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THE EGYPTOLOGY HANDBOOK

A COURSE IN THE WONDERS OF EGYPT

From the 'Ology series

Designed more for a quick flip-through than any sort of serious study, this appendage to 2004’s Egyptology looks like a battered notebook of general remarks about ancient Egypt with memorabilia clipped in, compiled by “Emily Sands,” the fictive vanished archeologist. The special effects are limited to a page of stickers, a pasted-in envelope and a few flimsy flaps; the illustrations mix shadowy pencil drawings with realistically drawn old photos, brochures, leather edges, stains and scraps of ephemera. The text, written with eye-glazing dullness and presented in alternating blocks of globby typewriter face and a nearly illegible italic script, is rife with vague claims—“ . . . there is evidence that a large number of the population could read and write, including a number of women”—unsupported by specific information, sources or even an index. Flashy but perfunctory. (Fictionalized nonfiction. 10-12)

Pub Date: Nov. 1, 2005

ISBN: 0-7636-2932-4

Page Count: 80

Publisher: Candlewick

Review Posted Online: May 19, 2010

Kirkus Reviews Issue: Nov. 1, 2005

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THE LAST LAST-DAY-OF-SUMMER

From the Legendary Alston Boys series , Vol. 1

This can’t be the last we ever hear of the Legendary Alston Boys of the purely surreal Logan County—imaginative,...

Can this really be the first time readers meet the Legendary Alston Boys of Logan County? Cousins and veteran sleuths Otto and Sheed Alston show us that we are the ones who are late to their greatness.

These two black boys are coming to terms with the end of their brave, heroic summer at Grandma’s, with a return to school just right around the corner. They’ve already got two keys to the city, but the rival Epic Ellisons—twin sisters Wiki and Leen—are steadily gaining celebrity across Logan County, Virginia, and have in hand their third key to the city. No way summer can end like this! These young people are powerful, courageous, experienced adventurers molded through their heroic commitment to discipline and deduction. They’ve got their shared, lifesaving maneuvers committed to memory (printed in a helpful appendix) and ready to save any day. Save the day they must, as a mysterious, bendy gentleman and an oversized, clingy platypus have been unleashed on the city of Fry, and all the residents and their belongings seem to be frozen in time and place. Will they be able to solve this one? With total mastery, Giles creates in Logan County an exuberant vortex of weirdness, where the commonplace sits cheek by jowl with the utterly fantastic, and populates it with memorable characters who more than live up to their setting.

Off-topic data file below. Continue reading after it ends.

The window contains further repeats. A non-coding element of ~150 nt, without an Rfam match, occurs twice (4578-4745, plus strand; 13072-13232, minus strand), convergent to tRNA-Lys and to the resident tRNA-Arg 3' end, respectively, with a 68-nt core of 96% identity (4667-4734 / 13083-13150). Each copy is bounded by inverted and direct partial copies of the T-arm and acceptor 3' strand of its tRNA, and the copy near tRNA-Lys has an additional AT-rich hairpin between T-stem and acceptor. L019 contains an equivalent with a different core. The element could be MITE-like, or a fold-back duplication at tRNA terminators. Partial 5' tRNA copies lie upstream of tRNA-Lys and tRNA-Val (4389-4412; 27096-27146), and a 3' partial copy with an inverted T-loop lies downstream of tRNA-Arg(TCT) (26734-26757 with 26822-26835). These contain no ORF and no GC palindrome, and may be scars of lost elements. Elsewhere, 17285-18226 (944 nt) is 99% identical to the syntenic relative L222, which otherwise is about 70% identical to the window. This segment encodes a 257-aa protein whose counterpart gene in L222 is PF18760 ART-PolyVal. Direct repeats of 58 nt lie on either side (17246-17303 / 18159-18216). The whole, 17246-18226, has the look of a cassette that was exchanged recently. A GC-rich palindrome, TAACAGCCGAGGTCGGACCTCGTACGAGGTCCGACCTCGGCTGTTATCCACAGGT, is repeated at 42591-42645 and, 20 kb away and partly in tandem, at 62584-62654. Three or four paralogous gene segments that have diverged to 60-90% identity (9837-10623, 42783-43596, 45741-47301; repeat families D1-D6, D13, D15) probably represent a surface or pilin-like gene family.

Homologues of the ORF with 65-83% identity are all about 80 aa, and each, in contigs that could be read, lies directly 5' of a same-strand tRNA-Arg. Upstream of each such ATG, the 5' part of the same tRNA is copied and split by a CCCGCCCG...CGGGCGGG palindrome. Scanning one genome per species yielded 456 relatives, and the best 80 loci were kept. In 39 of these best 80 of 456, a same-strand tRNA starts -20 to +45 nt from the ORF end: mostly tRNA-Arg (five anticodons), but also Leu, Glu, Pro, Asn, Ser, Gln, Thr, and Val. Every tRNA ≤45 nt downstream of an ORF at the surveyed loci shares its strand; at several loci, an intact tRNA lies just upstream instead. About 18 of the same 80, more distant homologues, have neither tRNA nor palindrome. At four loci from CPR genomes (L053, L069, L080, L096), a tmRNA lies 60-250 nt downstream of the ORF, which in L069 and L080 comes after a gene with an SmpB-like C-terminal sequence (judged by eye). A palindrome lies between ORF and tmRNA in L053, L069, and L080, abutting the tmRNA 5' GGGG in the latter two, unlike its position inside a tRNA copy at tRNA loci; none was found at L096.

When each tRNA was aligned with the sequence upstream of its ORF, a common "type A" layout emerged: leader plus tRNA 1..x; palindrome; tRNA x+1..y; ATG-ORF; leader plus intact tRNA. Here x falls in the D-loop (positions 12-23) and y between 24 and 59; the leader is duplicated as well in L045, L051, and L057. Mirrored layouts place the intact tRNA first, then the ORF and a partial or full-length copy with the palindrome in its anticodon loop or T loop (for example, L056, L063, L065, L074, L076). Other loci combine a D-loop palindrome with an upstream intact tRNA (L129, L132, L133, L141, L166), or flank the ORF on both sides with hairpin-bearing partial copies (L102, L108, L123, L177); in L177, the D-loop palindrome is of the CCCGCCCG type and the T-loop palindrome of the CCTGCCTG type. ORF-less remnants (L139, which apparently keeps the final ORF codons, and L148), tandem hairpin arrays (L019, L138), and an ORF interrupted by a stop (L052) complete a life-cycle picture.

This can’t be the last we ever hear of the Legendary Alston Boys of the purely surreal Logan County—imaginative, thrill-seeking readers, this is a series to look out for. (Fantasy. 10-12)

Pub Date: April 2, 2019

ISBN: 978-1-328-46083-7

Page Count: 304

Publisher: Versify/HMH

Review Posted Online: Jan. 14, 2019

Kirkus Reviews Issue: Feb. 1, 2019

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THE CONSPIRACY

From the Plot to Kill Hitler series , Vol. 1

It’s great to see these kids “so enthusiastic about committing high treason.” (historical note) (Historical fiction. 10-12)

Near the end of World War II, two kids join their parents in a plot to kill Adolf Hitler.

Max, 12, lives with his parents and his older sister in a Berlin that’s under constant air bombardment. During one such raid, a mortally wounded man stumbles into the white German family’s home and gasps out his last wish: “The Führer must die.” With this nighttime visitation, Max and Gerta discover their parents have been part of a resistance cell, and the siblings want in. They meet a colorful band of upper-class types who seem almost too whimsical to be serious. Despite her charming levity, Prussian aristocrat and cell leader Frau Becker is grimly aware of the stakes. She enlists Max and Gerta as couriers who sneak forged identification papers to Jews in hiding. Max and Gerta are merely (and realistically) cogs in the adults’ plans, but there’s plenty of room for their own heroism. They escape capture, rescue each other when they’re caught out during an air raid, and willingly put themselves repeatedly at risk to catch a spy. The fictional plotters—based on a mix of several real anti-Hitler resistance cells—are portrayed with a genuine humor, giving them the space to feel alive even in such a slim volume.

It’s great to see these kids “so enthusiastic about committing high treason.” (historical note) (Historical fiction. 10-12)

Pub Date: April 21, 2020

ISBN: 978-1-338-35902-2

Page Count: 192

Publisher: Scholastic

Review Posted Online: Jan. 20, 2020

Kirkus Reviews Issue: Feb. 15, 2020

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